Open-source software moved from something for the brave to technology that is used by everyone in mainstream applications. Take the Docker open source as an example. Docker has had more than 5 billion downloads and is used in many production systems. This change in attitude and use of open-source software is due to two things. Firstly, the open-source software itself is now much more Enterprise ready, with Enterprise support contracts available. And secondly, IT now has experience in the more common open-source software offerings like Docker and Hadoop. In other words, you no longer need to go to the public cloud to get an open-source-fueled Mode 2 platform.

And last, but certainly not least, you can consume your computing resource on a pay-as-you-use basis. So, as our fearless Mode 2 developers compose, tear down and re-compose, they only pay for what they use.



What’s next for on premises?
As you can probably imagine, I get somewhat frustrated when I see articles that state, “public cloud innovates faster than on premises” (a statement that never carries any proof to back it up). I hope I’ve shown that that in fact hasn’t been the case of the last five years.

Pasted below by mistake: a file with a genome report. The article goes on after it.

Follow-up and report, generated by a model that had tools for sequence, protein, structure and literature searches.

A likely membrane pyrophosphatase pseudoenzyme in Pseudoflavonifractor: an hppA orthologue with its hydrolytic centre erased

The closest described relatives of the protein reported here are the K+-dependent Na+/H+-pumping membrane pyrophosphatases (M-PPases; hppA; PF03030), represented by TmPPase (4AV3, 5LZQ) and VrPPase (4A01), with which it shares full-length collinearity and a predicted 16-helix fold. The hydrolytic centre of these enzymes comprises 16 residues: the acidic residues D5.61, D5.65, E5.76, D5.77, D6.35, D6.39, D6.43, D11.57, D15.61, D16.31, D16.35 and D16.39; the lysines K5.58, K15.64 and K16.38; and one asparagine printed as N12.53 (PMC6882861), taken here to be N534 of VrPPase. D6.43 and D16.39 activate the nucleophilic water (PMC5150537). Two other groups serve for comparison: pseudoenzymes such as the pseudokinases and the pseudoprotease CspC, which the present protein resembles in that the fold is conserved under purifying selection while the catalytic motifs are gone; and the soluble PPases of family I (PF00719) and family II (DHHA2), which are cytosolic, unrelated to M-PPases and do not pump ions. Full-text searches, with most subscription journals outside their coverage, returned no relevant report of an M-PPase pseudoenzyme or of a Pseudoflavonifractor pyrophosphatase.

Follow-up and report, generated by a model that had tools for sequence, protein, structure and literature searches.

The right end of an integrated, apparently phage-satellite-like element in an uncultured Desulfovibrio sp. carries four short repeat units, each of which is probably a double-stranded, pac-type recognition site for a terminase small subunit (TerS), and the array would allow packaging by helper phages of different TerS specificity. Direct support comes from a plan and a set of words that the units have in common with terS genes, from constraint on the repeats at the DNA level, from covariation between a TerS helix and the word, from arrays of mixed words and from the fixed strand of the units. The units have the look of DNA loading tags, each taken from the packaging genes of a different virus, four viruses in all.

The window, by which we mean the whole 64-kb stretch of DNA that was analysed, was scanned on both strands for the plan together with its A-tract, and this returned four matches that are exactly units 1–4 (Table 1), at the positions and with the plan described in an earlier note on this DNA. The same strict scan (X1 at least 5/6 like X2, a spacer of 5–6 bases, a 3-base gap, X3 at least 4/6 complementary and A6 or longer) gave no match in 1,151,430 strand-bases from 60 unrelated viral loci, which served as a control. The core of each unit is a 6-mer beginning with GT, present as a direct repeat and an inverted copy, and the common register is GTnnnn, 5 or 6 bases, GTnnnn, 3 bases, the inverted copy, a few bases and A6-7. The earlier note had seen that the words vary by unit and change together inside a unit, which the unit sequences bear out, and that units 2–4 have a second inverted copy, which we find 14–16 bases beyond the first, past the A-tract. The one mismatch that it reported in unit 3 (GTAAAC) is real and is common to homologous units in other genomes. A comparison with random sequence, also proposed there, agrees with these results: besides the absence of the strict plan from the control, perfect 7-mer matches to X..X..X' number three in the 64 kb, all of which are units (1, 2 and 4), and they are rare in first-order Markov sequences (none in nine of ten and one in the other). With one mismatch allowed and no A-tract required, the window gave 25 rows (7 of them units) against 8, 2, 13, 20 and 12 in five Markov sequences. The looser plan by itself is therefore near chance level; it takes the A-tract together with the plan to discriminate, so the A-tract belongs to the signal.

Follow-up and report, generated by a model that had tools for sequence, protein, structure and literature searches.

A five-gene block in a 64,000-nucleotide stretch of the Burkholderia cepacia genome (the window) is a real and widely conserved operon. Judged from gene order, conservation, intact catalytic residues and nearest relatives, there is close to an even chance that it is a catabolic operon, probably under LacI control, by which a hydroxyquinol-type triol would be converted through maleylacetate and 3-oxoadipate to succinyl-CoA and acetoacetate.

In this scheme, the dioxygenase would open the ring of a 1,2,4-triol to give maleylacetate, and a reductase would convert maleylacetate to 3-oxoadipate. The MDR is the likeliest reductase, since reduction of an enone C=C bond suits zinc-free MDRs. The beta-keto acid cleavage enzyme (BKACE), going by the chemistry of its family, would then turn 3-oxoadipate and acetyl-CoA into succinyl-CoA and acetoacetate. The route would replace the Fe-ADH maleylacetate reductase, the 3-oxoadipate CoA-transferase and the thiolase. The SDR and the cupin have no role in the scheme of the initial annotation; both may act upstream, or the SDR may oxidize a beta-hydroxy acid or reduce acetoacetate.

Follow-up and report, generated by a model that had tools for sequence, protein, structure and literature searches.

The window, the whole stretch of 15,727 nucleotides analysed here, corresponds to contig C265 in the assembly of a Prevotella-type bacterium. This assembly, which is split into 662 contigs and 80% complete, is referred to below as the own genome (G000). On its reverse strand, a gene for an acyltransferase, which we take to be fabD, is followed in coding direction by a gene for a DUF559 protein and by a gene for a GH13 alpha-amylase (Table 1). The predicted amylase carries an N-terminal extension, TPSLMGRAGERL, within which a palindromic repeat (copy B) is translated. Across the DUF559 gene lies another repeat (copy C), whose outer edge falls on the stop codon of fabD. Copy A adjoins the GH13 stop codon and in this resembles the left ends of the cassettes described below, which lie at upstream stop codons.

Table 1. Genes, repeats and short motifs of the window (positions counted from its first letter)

And I don’t believe it will be the case in the future either.

500. Or just 1
By way of dramatic illustration, imagine if you will the top 500 super computers in the world all in one room (a very large room with a huge 650 mega-watt [650 mega-VA, if you live in Europe] power supply). One of HPE’s new memory-based computers now in running prototype phase has more compute power than all of these 500 super computers put together. And it consumes a 30th of the power.

Coming slightly more down to earth, let’s look at some of the other innovations we can expect from on premises.

DX-platforms as on-prem services
Public cloud providers do few things many times. This allows them to get really good at that those few things. For example, they might offer a database service, and they will offer that service 200,000 times. An IT department is very different in this regard. They are required to offer a lot of different services, but they never get close to the scale of the public cloud on any one service.